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© 2011 By: Dov Trietsch. All rights reserved

Naming Documents (or is it “Document, Naming”?)

Tis but thy name that is my enemy;
Thou art thyself, though not a Montague.
What's Montague? It is nor hand, nor foot,
Nor arm, nor face, nor any other part
Belonging to a man. O, be some other name!
What's in a name? That which we call a rose
By any other name would smell as sweet
;
So Romeo would, were he not Romeo call'd,
Retain that dear perfection which he owes
Without that title. Romeo, doff thy name
And for that name which is no part of thee
Take all myself.
 Shakespeare – Romeo and Juliet Act II, Scene 2

We normally only use the bold portion of the famous Shakespearean quote above, but it is really out of context. As the play unfolds, we learn that a name is all too powerful. Indeed it is because of their names that the doomed lovers die. There might be life and death in a name (BTW, when I wrote this monogram, I was in Hatfield, PA. Remember the Hatfields and the McCoys?) This is a bit extreme, but in the field of Knowledge Management (KM) names are of the utmost importance as well.

When I write an article about managing SharePoint sites, how should I name it? “Managing a site” or “Site, managing”? Nine times out of ten I’d opt for the latter. Almost everything we do is “Managing” so to make life easier for a person looking for meaningful content, we title our articles starting with the differentiator rather than the common factor. As a rule of thumb, we start the name with the noun rather than the verb. It is not what we do that is the primary key; it is what we do it to.

So, answer this – is it a “rule of thumb” or a “thumb rule?” This is tough. A lot of what we do when naming is a judgment call. Both thumb and rule are nouns, albeit concrete and abstract (more about this later), but to most people “thumb rule” is meaningless while “rule of thumb” is an idiom. The difference between knowledge and information is that knowledge is meaningful information placed in context. Thus I elect the “rule of thumb”. It is the more meaningful title.

Abstract and Concrete are relative terms. Many nouns (and verbs) that are abstract to a commoner, are concrete to a practitioner of one profession or another and may even have different concrete meanings in different professional jargons. Think about “running”. To an executive it means running a business, to a marathoner its meaning is much more literal. Generally speaking, we store and disseminate knowledge within a practice more than we do it in general. Even dictionaries encyclopedias define terms as they apply to different audiences. The rule of thumb is to put the more concrete first, but within the audience’s jargon.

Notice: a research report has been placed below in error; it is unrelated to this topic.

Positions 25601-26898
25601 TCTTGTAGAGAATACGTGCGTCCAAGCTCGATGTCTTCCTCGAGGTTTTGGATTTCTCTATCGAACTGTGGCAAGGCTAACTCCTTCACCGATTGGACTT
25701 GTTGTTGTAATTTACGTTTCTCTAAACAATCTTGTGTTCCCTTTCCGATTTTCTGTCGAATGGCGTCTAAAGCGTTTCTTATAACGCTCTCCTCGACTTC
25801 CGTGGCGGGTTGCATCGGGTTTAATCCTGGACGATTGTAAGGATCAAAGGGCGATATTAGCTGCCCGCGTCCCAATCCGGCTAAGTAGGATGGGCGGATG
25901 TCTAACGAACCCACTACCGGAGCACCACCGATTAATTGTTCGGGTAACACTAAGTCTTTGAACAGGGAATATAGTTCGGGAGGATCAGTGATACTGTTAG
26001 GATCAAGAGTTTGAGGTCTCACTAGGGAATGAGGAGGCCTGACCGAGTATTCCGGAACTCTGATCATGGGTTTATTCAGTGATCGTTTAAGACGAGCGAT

Even the title of this monogram is a question. Do I name it “Naming Documents” or “Documents, Naming”? Well, my own rule of thumb (“Here he goes again!?”) states that the latter is better because it starts with a noun, but this is a document about naming more than it about documents. The rules of naming also apply to graphs and charts, excel spreadsheets, and so on. Thus, I vote for the former.  A better title could have been “Naming Objects” only the word “Object” is a bit too abstract. How about just “Naming” or “Naming, rules of”? You get the drift.

One of the ways to resolve all of this is to store the documents in Knowledge-Bases, which may become the subjects of a future punditry. Knowledge bases use keywords to describe their content.  Use a Metadata store for the keywords to at least attempt some common grounds. Here is another general rule (rule of thumb?!!) – put at least the one keyword in the title.

Use subtitles. Here is an example: Migrating documents – Screening, cleaning, and organizing our knowledge. The main keyword is “documents”, next is “migrating”, other keywords also appear in the subtitle. They are “screening”, “cleaning”, and “organizing”.

Any questions? Send me an amply named document by email: coachcs@yahoo.com

 

 

Posted on Tuesday, November 15, 2011 9:24 AM | Back to top


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